A User Advisory Group (UAG) actively participated in the IAT design and assessment. The task focused on gene normalization (identifying gene mentions in the article and linking these genes to standard database identifiers), gene ranking based on the overall importance of each gene mentioned in the article, and gene-oriented document retrieval (identifying full text papers relevant to a selected gene). Six systems participated and all processed and displayed the same set of articles. The articles were selected based on content known to be problematic for curation, such as ambiguity of gene names, coverage of multiple genes and species, or introduction of a new gene name. Members of the UAG curated three articles for training and assessment purposes, and each member was assigned a system to review. A questionnaire related to the interface usability and task performance (as measured by precision and recall) was answered after systems were used to curate articles. Although the limited number of articles analyzed and users involved in the IAT experiment precluded rigorous quantitative analysis of the results, a qualitative analysis provided valuable insight into some of the problems encountered by users when using the systems. The overall assessment indicates that the system usability features appealed to most users, but the system performance was suboptimal (mainly due to low accuracy in gene normalization). Some of the issues included failure of species identification and gene name ambiguity in the gene normalization task leading to an extensive list of gene identifiers to review, which, in some cases, did not contain the relevant genes. The document retrieval suffered from the same shortfalls. The UAG favored achieving high performance (measured by precision and recall), but strongly recommended the addition of features that facilitate the identification of correct gene and its identifier, such as contextual information to assist in disambiguation.
The IAT was an informative exercise that advanced the dialog between curators and developers and increased the appreciation of challenges faced by each group. A major conclusion was that the intended users should be actively involved in every phase of software development, and this will be strongly encouraged in future tasks. The IAT Task provides the first steps toward the definition of metrics and functional requirements that are necessary for designing a formal evaluation of interactive curation systems in the BioCreative IV challenge.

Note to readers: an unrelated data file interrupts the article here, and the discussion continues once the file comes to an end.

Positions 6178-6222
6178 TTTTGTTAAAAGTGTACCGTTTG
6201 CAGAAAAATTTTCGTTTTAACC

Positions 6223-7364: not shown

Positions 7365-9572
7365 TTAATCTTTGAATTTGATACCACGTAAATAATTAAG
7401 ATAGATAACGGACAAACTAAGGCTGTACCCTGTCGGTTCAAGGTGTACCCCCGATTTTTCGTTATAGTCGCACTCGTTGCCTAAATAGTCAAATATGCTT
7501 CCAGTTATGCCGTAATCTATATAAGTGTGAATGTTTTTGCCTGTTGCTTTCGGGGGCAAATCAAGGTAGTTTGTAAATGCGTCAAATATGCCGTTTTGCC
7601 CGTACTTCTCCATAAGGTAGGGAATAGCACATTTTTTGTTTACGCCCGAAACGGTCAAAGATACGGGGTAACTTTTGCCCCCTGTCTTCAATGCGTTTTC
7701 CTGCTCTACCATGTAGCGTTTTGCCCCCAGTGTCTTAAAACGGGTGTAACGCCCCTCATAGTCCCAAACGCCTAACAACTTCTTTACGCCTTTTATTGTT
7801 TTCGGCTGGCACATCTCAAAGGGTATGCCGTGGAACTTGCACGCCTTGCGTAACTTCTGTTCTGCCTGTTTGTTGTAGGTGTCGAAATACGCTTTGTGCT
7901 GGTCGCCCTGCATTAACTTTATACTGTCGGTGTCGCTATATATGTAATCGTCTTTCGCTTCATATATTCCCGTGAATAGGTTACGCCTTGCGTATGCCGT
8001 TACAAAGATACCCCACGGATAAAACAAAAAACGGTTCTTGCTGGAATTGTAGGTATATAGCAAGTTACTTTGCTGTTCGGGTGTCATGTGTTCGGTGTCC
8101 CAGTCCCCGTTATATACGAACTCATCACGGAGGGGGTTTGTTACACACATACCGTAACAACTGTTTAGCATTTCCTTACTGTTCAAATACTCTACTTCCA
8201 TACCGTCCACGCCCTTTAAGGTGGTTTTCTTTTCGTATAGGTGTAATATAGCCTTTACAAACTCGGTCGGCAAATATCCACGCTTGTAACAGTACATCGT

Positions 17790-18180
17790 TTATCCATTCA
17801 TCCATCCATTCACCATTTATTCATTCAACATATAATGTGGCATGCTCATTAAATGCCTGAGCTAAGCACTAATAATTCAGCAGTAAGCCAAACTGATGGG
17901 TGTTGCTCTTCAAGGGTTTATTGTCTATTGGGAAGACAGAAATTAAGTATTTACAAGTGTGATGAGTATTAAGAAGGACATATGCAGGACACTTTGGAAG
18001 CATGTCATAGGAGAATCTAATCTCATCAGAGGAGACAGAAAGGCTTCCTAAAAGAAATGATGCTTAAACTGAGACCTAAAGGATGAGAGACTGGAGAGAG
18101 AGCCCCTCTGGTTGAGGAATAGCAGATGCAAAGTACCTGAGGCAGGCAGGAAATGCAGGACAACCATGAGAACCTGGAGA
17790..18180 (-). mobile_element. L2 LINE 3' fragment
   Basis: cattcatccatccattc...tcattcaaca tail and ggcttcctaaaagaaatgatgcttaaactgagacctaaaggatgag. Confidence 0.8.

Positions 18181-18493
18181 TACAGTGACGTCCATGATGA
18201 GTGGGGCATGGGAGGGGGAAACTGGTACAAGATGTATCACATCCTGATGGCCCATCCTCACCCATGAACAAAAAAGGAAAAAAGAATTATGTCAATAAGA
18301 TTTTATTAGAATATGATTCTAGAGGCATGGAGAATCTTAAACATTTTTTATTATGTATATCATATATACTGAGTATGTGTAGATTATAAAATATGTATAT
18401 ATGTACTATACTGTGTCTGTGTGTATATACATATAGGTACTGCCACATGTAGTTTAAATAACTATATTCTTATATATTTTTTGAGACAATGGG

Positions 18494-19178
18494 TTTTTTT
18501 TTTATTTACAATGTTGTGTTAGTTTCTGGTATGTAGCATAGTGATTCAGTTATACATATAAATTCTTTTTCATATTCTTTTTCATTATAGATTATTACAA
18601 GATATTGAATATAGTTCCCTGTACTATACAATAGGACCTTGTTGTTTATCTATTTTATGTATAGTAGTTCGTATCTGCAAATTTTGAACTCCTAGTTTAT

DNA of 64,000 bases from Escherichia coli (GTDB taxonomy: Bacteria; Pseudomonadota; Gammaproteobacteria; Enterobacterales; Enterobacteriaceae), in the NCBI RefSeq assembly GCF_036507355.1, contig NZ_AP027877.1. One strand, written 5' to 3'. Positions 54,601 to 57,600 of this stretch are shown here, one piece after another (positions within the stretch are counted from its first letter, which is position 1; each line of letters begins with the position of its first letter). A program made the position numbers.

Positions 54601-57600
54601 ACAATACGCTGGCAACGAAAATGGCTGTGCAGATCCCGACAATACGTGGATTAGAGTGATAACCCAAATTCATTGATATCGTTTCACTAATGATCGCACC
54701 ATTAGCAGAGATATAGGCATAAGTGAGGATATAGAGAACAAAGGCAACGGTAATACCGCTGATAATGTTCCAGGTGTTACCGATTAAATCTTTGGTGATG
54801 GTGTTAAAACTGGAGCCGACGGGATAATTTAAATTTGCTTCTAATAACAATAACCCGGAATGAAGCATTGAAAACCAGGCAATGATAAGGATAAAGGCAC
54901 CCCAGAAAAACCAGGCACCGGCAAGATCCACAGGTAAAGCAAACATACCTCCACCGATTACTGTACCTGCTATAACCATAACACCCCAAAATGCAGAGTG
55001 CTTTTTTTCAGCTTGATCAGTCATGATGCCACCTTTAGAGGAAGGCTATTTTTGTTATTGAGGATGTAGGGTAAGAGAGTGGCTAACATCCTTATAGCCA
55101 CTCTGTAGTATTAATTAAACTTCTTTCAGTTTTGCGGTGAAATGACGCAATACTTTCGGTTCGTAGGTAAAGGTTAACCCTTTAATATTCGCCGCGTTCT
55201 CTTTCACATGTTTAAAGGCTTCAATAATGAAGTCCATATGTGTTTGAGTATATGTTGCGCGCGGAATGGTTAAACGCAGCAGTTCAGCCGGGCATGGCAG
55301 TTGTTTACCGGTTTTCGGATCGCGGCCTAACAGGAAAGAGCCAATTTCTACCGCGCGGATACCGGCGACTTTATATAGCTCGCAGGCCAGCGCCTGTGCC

The goal of the Gene Ontology (GO) project is to provide a uniform way to describe the functions of gene products from organisms across all kingdoms of life and thereby enable analysis of genomic data. Protein annotations are either based on experiments or predicted from protein sequences. Since most sequences have not been experimentally characterized, most available annotations need to be based on predictions. To make as accurate inferences as possible, the GO Consortium's Reference Genome Project is using an explicit evolutionary framework to infer annotations of proteins from a broad set of genomes from experimental annotations in a semi-automated manner. Most components in the pipeline, such as selection of sequences, building multiple sequence alignments and phylogenetic trees, retrieving experimental annotations and depositing inferred annotations, are fully automated. However, the most crucial step in our pipeline relies on software-assisted curation by an expert biologist. This curation tool, Phylogenetic Annotation and INference Tool (PAINT) helps curators to infer annotations among members of a protein family. PAINT allows curators to make precise assertions as to when functions were gained and lost during evolution and record the evidence (e.g. experimentally supported GO annotations and phylogenetic information including orthology) for those assertions. In this article, we describe how we use PAINT to infer protein function in a phylogenetic context with emphasis on its strengths, limitations and guidelines. We also discuss specific examples showing how PAINT annotations compare with those generated by other highly used homology-based methods.